The situation of the church in Egypt
The situation of the church in Egypt
For Christians in Egypt the rise of Islamist political groups and a spate of violence targeting churches suggest that the cataclysmic events of the past 12 months have turned Arab Spring to Winter.
In late November, the first round of parliamentary elections – the first since the February 2011 fall of President Hosni Mubarak – produced shock results favouring hard-line Islamic groups.
With turn-out reported at 62 percent, the hard-line Muslim Brotherhood's Freedom and Justice party polled 45 percent, as had widely been expected. But the big surprise was the Nour Party – backed by the even more extremist Salafist Islamists – which polled 21 percent.
In the first round of the elections, held at the end of November 2011 in nine of Egypt's 27 provinces including Cairo and Alexandria, a coalition of secular parties polled only 25 percent.
Father Antoine Rafic Greiche, official spokesman for the Catholic Church in Egypt, warned that the success of the Salafists was a grave concern for Christians. "We were expecting the Muslim Brothers to do well but we did not expect at all the success of the Salafists," he said.
"Their success is a big surprise and a cause for alarm not just for Christians but for moderate Muslims who will be very annoyed by what has happened."
Explaining the threat posed by Salafists and the Nour Party, Father Greiche said: "The Salafists speak about forbidding tourism, preventing women from wearing swimming costumes and forcing them to be totally covered up.
"They look at Christians and even moderate Muslims as Kuffars [a derogatory term for non-Muslims] and say they want to implement the Shari'a Islamic law rigorously."
Pointing out that Salafists had taken responsibility for a number of attacks on churches this year, Father Greiche said: "The Salafists' attitude to Christians is to say that they can get their passport to go to the USA, France, UK or somewhere else in the West.
"They always talk about Egypt as a Muslim country even through there are up to 13 million Christians living here."
Father Greiche and other Catholic leaders warned against pre-judging the results, and emphasised that this was only the first round of polls.Coptic Catholic Bishop Kyrillos William of Assiut, Upper Egypt, said: "We have to wait and see what happens next. The secular and liberal parties are very young and they may develop as time goes on, collecting more support."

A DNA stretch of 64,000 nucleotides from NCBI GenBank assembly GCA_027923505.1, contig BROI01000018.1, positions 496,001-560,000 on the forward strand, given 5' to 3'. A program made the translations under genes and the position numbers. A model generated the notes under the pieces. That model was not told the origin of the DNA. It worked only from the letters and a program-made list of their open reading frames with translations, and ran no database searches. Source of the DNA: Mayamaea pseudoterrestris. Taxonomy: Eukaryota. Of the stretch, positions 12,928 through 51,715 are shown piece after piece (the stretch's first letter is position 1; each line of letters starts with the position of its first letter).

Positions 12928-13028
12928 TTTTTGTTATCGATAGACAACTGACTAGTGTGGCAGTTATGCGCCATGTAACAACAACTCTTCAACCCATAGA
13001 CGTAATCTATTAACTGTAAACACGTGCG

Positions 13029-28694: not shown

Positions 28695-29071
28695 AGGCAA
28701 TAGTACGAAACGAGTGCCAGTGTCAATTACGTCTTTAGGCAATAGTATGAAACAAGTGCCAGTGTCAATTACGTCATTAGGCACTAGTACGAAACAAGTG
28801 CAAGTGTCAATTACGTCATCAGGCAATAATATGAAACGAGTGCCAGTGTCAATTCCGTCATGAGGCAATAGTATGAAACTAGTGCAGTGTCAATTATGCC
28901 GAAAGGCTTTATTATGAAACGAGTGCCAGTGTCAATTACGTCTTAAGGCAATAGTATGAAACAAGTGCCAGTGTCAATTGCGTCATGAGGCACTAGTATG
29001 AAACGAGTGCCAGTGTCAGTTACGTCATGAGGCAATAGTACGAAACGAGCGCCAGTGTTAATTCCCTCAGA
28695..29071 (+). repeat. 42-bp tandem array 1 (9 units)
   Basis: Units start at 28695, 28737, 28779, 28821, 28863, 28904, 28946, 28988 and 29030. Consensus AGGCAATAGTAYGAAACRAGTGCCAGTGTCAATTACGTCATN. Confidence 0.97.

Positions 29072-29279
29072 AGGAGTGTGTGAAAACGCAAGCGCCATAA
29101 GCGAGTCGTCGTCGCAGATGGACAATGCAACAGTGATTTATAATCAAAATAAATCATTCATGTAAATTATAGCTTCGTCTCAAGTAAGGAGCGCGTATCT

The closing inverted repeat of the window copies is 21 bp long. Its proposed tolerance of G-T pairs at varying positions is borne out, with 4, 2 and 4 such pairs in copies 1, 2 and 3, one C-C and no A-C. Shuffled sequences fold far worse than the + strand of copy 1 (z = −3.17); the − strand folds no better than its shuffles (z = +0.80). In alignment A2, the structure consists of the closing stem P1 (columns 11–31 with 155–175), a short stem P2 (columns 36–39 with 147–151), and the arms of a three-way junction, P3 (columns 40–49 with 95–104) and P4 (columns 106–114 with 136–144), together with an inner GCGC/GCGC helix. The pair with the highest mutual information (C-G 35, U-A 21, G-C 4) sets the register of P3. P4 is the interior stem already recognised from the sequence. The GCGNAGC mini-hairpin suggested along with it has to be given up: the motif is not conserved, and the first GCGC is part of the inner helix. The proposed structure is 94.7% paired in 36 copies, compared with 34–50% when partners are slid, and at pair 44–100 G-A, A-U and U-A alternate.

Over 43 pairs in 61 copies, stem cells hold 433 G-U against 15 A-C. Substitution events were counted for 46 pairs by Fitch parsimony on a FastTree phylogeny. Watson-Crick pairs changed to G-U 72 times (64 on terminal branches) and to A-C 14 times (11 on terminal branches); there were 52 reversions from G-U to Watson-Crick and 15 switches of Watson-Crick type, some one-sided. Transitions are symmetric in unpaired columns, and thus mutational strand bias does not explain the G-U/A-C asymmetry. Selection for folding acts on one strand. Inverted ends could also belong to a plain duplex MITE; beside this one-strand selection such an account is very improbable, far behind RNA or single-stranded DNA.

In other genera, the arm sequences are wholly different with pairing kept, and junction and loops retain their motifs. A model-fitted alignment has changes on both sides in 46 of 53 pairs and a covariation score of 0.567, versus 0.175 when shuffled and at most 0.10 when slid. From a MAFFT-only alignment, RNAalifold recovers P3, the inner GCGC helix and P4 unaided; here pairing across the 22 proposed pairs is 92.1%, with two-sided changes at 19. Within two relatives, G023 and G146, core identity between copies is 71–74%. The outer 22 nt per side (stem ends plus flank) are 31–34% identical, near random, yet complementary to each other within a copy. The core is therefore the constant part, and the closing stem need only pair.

When the undercurrent of resentment against President Hosni Mubarak's government suddenly burst open into an ever-growing series of demonstrations in January 2011, it triggered a revolution that for many brought a barely-dreamed-of hope for a better, democratic future.
The vast crowds who gathered in Cairo's Tahir Square were spurred on by the success of a popular uprising in nearby Tunisia, which ousted President Ben Ali. In Egypt, the 25th January Revolution achieved success three weeks later when Mubarak was forced to cede power to a military administration, closing the door on 30 years of power.
But such sweeping political change begged deeper and wider questions about Egypt's future – especially when the interim government promised presidential and parliamentary elections in the autumn.
Among those with most at stake were Egypt's 10 million Christians – by far the largest across the Middle East. Like many others, Church leaders were shocked that the demonstrations should achieve success amid reports that the 'Facebook Generation' pro-democracy movement was backed by large sections of a young country with an average age of 26.
But early hopes soon gave way to fear. With Mubarak gone, Islamic extremists such as the Salafists – until now ruthlessly suppressed – began garnering political support. They demanded hard-line enforcement of Islamic Shari'a law, with implicit discrimination if not outright oppression of Christians.
Similar concern grew over Egypt's radical Muslim Brotherhood, whose organisational ability and political savvy came as a surprise to many. An Aid to the Church in Need fact-finding trip to Egypt in April revealed deep uncertainty as to which movement – pro-democracy or Islamist – would prevail.
Against this backdrop, the leader of Egypt's 250,000 Coptic Catholics, Patriarch Cardinal Antonios Naguib, said it was imperative for Christians to play a full part in developing of the emerging consensus. He said: "This is the moment for everyone in the Church to really participate in the evolution of society."
The depth of opposition to Egypt's Christian presence was made clear on 7th May 2011 when a Salafist attack on three Coptic Orthodox churches in the Cairo suburb of Imbaba left up to 15 people dead and more than 230 injured.
A few days later, Coptic Catholic Bishop Antonios Aziz Mina of Giza accused the government and police of insufficient action to protect Christians. "The Army will not stand up against the people who do this sort of thing," he told Aid to the Church in Need. "They want to stay neutral. The police appear, but very slowly. They are frightened. They have not been strong enough."
It brought back horrific memories of the New Year's Day 2011 attack on another Coptic Orthodox Church in Alexandria. Twenty Mass-goers died and at least 70 others were wounded in a car bomb attack.
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